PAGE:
Focus Group Moderator on Myths

Group Think, Dominators and Lame Participants All?

Having been a focus group moderator for more than a decade, I have heard clients express many myths about qualitative research, especially focus groups. They perpetuate “group think”.  One or two noisy people dominate. You can’t believe any insights based on conversations with numbers of people less than three or four digits. Or, to extrapolate from some conversations I’ve had, people in focus groups are unemployed losers who have no life – otherwise why would they bother to come talk to us?

Group Think

Group think: While organizations struggle against this well-known phenomenon, it generally exists inside their walls because of power issues. Most organizations weight the thoughts of those with bigger titles, high salaries and better cars above those without. By contrast, a well-run qualitative study brings equals together. A professional focus group moderator avoids being a “know-it-all” Four Colorful Folded Newspapersand instead plays the sophisticated amateur, letting the participants be the experts. In these ways, the group works together to define truth, allows for disagreement and builds on ideas.


Dominators: The group itself often puts a check on those who dominate; when the group silently invites the focus group moderator to help she can gently redirect the dominator, giving others more space to talk.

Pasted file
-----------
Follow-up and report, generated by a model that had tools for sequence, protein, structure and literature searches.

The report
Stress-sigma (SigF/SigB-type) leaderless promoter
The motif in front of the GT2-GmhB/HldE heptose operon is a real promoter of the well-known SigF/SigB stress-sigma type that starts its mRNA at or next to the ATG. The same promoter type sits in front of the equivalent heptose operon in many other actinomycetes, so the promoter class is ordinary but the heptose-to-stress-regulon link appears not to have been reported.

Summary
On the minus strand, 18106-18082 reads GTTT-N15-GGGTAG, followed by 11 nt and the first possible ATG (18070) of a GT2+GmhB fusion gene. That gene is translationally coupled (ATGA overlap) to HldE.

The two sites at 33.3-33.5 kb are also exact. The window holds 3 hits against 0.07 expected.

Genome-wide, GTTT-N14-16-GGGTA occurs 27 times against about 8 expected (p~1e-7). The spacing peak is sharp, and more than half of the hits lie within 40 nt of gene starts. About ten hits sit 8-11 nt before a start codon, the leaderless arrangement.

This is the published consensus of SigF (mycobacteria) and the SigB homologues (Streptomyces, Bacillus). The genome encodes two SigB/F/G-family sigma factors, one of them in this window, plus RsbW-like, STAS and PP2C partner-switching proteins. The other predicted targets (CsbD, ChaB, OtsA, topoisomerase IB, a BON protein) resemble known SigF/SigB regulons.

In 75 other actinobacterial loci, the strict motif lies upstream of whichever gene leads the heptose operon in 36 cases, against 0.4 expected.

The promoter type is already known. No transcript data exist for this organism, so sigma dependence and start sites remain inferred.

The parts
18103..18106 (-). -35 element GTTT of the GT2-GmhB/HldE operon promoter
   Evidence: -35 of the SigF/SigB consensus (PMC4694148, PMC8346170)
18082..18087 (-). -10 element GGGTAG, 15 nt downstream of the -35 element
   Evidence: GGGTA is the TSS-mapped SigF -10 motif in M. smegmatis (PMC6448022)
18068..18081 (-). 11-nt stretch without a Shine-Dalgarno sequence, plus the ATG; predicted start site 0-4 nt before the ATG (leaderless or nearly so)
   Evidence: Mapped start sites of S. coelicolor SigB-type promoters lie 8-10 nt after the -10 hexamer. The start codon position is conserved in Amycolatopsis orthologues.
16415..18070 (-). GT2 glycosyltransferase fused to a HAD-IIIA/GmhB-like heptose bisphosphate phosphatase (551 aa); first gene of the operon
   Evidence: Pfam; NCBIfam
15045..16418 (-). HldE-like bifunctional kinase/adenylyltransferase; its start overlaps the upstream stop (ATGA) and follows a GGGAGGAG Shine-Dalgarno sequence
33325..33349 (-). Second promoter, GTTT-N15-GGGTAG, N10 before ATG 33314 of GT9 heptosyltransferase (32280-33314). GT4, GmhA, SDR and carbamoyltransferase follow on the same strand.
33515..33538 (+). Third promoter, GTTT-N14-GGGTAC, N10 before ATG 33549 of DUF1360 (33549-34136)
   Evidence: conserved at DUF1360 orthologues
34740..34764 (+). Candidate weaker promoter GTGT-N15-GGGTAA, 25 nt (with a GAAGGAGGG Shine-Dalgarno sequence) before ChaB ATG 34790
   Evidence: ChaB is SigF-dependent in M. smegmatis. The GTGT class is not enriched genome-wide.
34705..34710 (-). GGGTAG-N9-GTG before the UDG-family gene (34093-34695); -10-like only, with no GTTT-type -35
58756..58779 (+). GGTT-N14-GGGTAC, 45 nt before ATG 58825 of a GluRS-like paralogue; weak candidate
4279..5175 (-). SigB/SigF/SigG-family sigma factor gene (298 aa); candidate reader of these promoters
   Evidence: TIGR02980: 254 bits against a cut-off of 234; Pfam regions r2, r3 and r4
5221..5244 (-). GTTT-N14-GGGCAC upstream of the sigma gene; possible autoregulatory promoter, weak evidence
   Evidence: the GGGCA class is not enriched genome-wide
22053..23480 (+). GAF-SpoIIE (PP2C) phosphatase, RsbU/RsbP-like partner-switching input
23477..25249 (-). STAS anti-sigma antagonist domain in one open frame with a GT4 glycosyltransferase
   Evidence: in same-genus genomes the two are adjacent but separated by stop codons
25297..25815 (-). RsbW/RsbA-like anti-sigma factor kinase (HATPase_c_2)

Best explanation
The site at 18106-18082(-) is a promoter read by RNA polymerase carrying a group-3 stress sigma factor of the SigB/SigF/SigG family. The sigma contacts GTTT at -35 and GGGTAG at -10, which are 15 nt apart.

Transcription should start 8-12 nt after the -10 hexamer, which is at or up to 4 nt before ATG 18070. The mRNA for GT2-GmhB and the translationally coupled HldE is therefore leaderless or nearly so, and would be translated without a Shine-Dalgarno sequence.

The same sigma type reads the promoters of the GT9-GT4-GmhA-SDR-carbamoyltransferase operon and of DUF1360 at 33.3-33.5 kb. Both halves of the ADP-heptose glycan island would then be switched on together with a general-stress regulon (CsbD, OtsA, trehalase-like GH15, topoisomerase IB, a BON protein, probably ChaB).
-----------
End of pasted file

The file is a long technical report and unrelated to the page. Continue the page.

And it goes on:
Same Old Participants

Only professional participants bother to show: How a recruit is conducted, the convenience of the experience and the incentive payment all affect who shows up to participate. BuyerSynthesis has created a proprietary method that results in many first-time qualitative participants. They come due to curiosity, interest in the topic, the perk of a few extra dollars and, although they seldom say this, the beauty of being listened to for an hour or two by someone who truly cares what they have to say.

Ignorant Time-Wasters

Why don’t they know these things?  I think about them all day long!: Marketing research ideally brings new ideas, insights and understanding about customers, prospects and companies. Blaming participants for their “misinformed” ideas shuts us off from hearing what real people think and feel. Try to listen with an open mind and you’ll be directed toward new actions to meet people where they live. After all, it’s their money that’s paying your salary!

Small Samples Big Ideas

Lastly, qualitative research, like focus groups and IDIs, uses the concept of triangulation.  Assuming that the people talked with are independent of each other, a must in a professional recruit, if you hear the same answer three or more times to an open-ended question like “What do you like?”, you can be pretty sure that many, many others feel similarly.

Photo by Flickr User(RambergMediaImages)

Smart qualitative research leads to more profitable marketing decisions. BuyerSynthesis. The buy-whys™ marketing research company.

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